[4] Page No. 29; Agriculture statistics 2019, Directorate of economics & statistics, DAC&FW, Ministry of Agriculture and Farmers Welfare, GoI. [1]

[5]Page No. 61; Agriculture statistics 2019, Directorate of economics & statistics, DAC&FW, Ministry of Agriculture and Farmers Welfare, GoI.

In 2017-18, West Bengal had produced 1.13[3] million tonnes of oilseed; which was only 3.61% of National production. In respect of yield, West Bengal was, at least, behind six major States.

Promise 5:

Farmers shall be encouraged and supported for increase in production of wheat, and sugarcane. (Page No. 18, Bengali version of manifesto).


West Bengal does not appear in the list of top 10 producer States as far as wheat[1] and sugarcane[2] production during 2018-19 is concerned. It is therefore obvious that since 2011, the State Govt. has failed to register substantial production growth of these crops. Additionally, presence of smaller States like Himachal Pradesh and Uttarakhand in the top 10 is sheer indication of gross failure on part of West Bengal Government in this aspect.

[6] Page No. 67; Agriculture statistics 2019, Directorate of economics & statistics, DAC&FW, Ministry of Agriculture and Farmers Welfare, GoI.

[7] Page No. 67; Agriculture statistics 2019, Directorate of economics & statistics, DAC&FW, Ministry of Agriculture and Farmers Welfare, GoI.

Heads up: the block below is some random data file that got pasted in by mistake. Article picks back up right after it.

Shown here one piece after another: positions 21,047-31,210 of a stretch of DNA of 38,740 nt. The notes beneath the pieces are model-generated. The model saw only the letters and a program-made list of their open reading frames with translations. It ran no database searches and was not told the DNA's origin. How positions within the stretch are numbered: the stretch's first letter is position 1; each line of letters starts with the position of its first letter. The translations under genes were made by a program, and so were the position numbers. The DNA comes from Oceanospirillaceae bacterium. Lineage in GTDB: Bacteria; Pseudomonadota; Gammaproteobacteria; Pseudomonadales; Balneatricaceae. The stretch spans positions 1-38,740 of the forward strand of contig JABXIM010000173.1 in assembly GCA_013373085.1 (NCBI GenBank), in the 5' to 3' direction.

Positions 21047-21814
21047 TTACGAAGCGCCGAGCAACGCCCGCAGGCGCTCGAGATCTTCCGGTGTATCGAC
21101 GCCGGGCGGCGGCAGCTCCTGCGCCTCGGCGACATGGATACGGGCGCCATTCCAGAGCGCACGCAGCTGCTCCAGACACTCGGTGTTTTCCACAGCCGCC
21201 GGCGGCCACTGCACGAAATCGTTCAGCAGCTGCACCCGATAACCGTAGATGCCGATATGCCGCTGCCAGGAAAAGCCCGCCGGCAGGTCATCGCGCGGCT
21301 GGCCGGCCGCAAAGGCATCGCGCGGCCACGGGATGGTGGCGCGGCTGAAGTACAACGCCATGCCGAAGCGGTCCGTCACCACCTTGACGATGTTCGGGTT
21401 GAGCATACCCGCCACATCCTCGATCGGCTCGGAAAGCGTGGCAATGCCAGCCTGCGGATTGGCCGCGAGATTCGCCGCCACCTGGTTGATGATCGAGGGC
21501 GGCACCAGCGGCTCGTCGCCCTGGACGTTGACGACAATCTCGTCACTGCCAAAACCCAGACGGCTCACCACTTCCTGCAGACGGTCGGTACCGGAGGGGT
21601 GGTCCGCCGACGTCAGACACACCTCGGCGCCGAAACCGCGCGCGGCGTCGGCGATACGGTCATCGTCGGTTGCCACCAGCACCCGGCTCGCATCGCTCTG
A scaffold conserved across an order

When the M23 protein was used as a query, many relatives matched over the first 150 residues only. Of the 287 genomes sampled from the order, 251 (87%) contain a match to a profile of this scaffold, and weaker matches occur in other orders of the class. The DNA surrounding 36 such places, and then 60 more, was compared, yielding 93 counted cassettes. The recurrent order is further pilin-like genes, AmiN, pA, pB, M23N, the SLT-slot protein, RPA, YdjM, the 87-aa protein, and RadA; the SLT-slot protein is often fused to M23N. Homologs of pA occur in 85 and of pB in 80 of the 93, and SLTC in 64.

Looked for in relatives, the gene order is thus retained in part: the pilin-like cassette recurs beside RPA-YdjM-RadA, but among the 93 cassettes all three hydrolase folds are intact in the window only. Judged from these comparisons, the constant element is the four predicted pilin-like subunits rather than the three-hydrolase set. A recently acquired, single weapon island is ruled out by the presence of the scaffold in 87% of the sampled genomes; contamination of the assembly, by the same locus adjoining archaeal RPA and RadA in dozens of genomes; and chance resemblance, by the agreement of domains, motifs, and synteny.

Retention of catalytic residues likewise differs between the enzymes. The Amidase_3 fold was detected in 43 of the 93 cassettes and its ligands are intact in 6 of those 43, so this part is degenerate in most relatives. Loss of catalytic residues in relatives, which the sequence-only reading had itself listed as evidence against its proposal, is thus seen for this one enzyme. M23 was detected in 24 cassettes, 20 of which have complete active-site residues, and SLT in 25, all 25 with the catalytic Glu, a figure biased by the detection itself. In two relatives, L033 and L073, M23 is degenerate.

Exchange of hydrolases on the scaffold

[8] Page No. 51; Agriculture statistics 2019, Directorate of economics & statistics, DAC&FW, Ministry of Agriculture and Farmers Welfare, GoI. [1] Page No. 83; Agriculture statistics 2019, Directorate of economics & statistics, DAC&FW, Ministry of Agriculture and Farmers Welfare, GoI.

[9]Page No. 83; Agriculture statistics 2019, Directorate of economics & statistics, DAC&FW, Ministry of Agriculture and Farmers Welfare, GoI.

Promise 6:

Huge emphasis shall be given on development of large number of cold stores. Target shall be developing 5 cold stores per subdivision in next 5 years. (Page No. 15& 18, Bengali version of manifesto).


Adequate cold storage infrastructure is essential to minimise loss of perishable agricultural commodities; and thereby protecting farmers from menace of distress sale, ultimately resulting into increased return to farmers. In 2011, the National Centre for Cold Chain Development (NCCD), under Ministry of Agriculture, Government of India (GoI) estimated cold storage capacity requirement for West Bengal at 1,05,66,000 MT. Till 2011, there were 463 cold storage units in West Bengal with capacity of 56,82,000 MT[1] (Average capacity per cold storage unit being 12,272 MT). As on 31st March, 2019 there were 510 cold storages with total capacity of 59,35,416 MT[2] (Average capacity per unit being 11638 MT).